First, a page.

Spend’st thou thy fury on some worthless song,
Darkening thy power to lend base subjects light?
Return, forgetful Muse, and straight redeem
In gentle numbers time so idly spent;
Sing to the ear that doth thy lays esteem
And gives thy pen both skill and argument.
Rise, restive Muse, my love’s sweet face survey,
If Time have any wrinkle graven there;
If any, be a satire to decay,
And make Time’s spoils despised every where.
Give my love fame faster than Time wastes life;
So thou prevent’st his scythe and crooked knife.

 

 

The Mind In Delicate Delusion

 

Mark Wagner
Collage made from one dollar bills by Mark Wagner

Money

by Philip Larkin (1922 – 1985)

Quarterly, is it, money reproaches me:
‘Why do you let me lie here wastefully?
I am all you never had of goods and sex.
You could get them still by writing a few cheques.’

So I look at others, what they do with theirs:
They certainly don’t keep it upstairs.
By now they’ve a second house and car and wife:
Clearly money has something to do with life

—In fact, they’ve a lot in common, if you enquire:
You can’t put off being young until you retire,
And however you bank your screw, the money you save
Won’t in the end buy you more than a shave.

I listen to money singing. It’s like looking down
From long french windows at a provincial town,
The slums, the canal, the churches ornate and mad
In the evening sun. It is intensely sad.

Philip Larkin, “Money” from Collected Poems. Copyright © Estate of Philip Larkin.  Reprinted by permission of Faber and Faber, Ltd.

Sonnet 145

Sor Juana Inés de la Cruz (1651 – 1695)

Éste que ves, engaño colorido,
que del arte ostentando los primores,
con falsos silogismos de colores,
es cauteloso engaño del sentido;

éste en quien la lisonja ha pretendido
excusar de los años los horrores,
y, venciendo del tiempo los rigores
triunfar de la vejez y del olvido,

es un vano artificio del cuidado,
es una flor al viento delicada,
es un resguardo inútil para el hado;

es una necia diligencia errada,
es un afán caduco y, bien mirado,
es cadáver, es polvo, es sombra, es nada.

What you see here is colorful illusion,
an art boasting of beauty and its skill,
which in false reasoning of color will
pervert the mind in delicate delusion.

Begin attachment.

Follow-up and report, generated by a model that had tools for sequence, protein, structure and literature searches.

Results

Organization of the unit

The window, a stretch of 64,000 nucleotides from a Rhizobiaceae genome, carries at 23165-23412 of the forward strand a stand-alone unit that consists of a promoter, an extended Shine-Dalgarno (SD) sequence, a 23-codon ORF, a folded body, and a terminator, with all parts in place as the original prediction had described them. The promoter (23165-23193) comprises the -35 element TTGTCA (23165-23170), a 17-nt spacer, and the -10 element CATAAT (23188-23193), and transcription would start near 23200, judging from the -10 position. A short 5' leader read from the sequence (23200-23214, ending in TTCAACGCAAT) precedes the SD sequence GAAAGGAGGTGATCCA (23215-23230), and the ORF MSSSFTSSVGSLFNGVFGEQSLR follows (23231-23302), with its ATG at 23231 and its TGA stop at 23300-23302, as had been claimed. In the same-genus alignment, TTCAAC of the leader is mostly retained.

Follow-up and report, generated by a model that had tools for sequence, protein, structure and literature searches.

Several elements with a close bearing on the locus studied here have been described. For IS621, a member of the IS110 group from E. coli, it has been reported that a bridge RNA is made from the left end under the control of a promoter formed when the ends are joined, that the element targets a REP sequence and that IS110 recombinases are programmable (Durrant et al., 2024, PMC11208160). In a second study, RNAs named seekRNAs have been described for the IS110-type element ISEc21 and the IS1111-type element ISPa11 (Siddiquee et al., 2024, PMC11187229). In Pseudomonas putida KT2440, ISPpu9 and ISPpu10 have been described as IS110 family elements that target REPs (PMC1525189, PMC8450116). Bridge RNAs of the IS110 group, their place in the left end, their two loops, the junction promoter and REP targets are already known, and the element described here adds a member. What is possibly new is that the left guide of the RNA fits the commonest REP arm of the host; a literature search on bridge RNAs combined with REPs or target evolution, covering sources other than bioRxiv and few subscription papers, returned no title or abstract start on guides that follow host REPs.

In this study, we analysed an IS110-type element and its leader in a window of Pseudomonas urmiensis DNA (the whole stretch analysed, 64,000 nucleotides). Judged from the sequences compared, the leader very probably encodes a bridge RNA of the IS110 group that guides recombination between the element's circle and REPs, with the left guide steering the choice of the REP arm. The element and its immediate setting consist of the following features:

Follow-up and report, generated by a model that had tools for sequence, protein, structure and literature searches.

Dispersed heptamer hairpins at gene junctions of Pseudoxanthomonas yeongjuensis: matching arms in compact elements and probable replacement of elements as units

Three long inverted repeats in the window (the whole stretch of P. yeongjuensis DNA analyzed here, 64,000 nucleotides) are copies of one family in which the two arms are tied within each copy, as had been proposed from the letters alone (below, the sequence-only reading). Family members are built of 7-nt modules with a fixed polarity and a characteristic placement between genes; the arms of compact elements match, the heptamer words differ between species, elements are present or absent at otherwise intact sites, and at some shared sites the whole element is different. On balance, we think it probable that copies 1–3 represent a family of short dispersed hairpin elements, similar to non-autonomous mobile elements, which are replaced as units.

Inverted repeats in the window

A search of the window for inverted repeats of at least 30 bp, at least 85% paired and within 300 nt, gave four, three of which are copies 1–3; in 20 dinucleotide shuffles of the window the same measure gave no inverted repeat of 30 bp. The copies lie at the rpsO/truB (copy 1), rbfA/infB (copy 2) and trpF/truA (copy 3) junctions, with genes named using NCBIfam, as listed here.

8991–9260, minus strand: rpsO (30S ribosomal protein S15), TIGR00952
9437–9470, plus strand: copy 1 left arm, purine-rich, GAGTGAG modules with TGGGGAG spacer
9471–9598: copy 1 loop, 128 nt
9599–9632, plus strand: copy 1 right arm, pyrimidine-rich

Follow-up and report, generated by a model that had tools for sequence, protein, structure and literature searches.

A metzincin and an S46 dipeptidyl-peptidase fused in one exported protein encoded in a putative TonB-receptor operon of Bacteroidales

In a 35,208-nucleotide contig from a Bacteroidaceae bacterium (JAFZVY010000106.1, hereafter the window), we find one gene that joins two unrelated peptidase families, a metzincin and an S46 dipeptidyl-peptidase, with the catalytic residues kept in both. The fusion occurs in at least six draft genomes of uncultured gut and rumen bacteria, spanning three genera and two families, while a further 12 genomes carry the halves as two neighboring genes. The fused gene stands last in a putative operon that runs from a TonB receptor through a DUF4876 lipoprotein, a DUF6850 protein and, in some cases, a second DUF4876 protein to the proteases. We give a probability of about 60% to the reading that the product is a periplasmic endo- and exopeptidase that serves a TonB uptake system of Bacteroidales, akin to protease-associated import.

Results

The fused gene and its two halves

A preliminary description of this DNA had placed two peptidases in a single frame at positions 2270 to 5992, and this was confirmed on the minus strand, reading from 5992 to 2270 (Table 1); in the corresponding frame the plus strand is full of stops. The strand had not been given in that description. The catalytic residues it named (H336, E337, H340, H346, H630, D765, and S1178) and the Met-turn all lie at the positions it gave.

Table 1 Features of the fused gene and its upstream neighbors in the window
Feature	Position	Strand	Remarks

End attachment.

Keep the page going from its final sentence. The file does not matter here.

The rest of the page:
Here where the flatteries of paint engage
to vitiate the horrors of the years,
where softening the rust of time appears
to triumph over oblivion and age,
all is vain, careful disguise of clothing,
it is a slender blossom in the gale,
it is a futile port for doom reserved,
it is a foolish labor that can only fail:
it is a wasting zeal and, well observed,
is corpse, is dust, is shadow, and is nothing.

Translated by Willis Barnstone.

 

 

 

The Dream

Sor Juana Ines de la Cruz
Bronze statue of Sor Juana Ines de la Cruz in Oeste Park in Madrid, Spain.

Sor Juana Ines de la Cruz was a self-taught scholar, poet and Hieronymite nun.  She was born Juana Inés de Asbaje y Ramírez de Santillana near Mexico City. She was the illegitimate child of a Spanish Captain, Pedro Manuel de Asbaje, and a Criollo woman, Isabel Ramírez. She was raised by her Mother and her Mother’s family, her father not a presence in her life.

Her abilities as a savant were evident immediately.  She learned how to read and write at the age of three. By age five, she reportedly was accomplished in math and learning biology. At age eight, she composed a poem on the Eucharist. She spent her childhood and adolescence hiding in the chapel to read her grandfather’s books from the adjoining library, something that was forbidden to girls. By 12, she had mastered Greek logic, and at age thirteen she was teaching Latin to young children. During this time she also learned the Aztec language of Nahuatl, and wrote poems in the ancient language.

Sor Juana Ines de la Cruz wrote about her constant wish as a young woman to be allowed to further her education. In 1664, at age 16, Sor Juana Ines de la Cruz went to live in Mexico City. She asked her mother’s permission to disguise herself as a male student so that she could enter the university. Her Mother denied her repeated requests, and not being allowed to do so, she continued her studies privately. She came under the sponsorship of the Vicereine Leonor Carreto, wife of the Viceroy Antonio Sebastián de Toledo. The viceroy, wishing to test the knowledge and intelligence of this 17-year-old, invited several theologians, jurists, philosophers, and poets to a meeting, during which she had to answer, unprepared, many questions on various scientific and literary subjects. Her breadth of knowledge astonished the assembled group and her reputation was made in Mexico City.  As her accomplishments grew she garnered fame throughout New Spain. She declined several proposals of marriage and in 1667, she entered a monastery of the Carmelite nuns as a postulant as a way to remain independent and continue learning. She chose not to enter that Order permanently as a result of its strict rules. In 1669, she entered a monastery of the Hieronymite nuns which allowed her more freedom to continue her intellectual pursuits.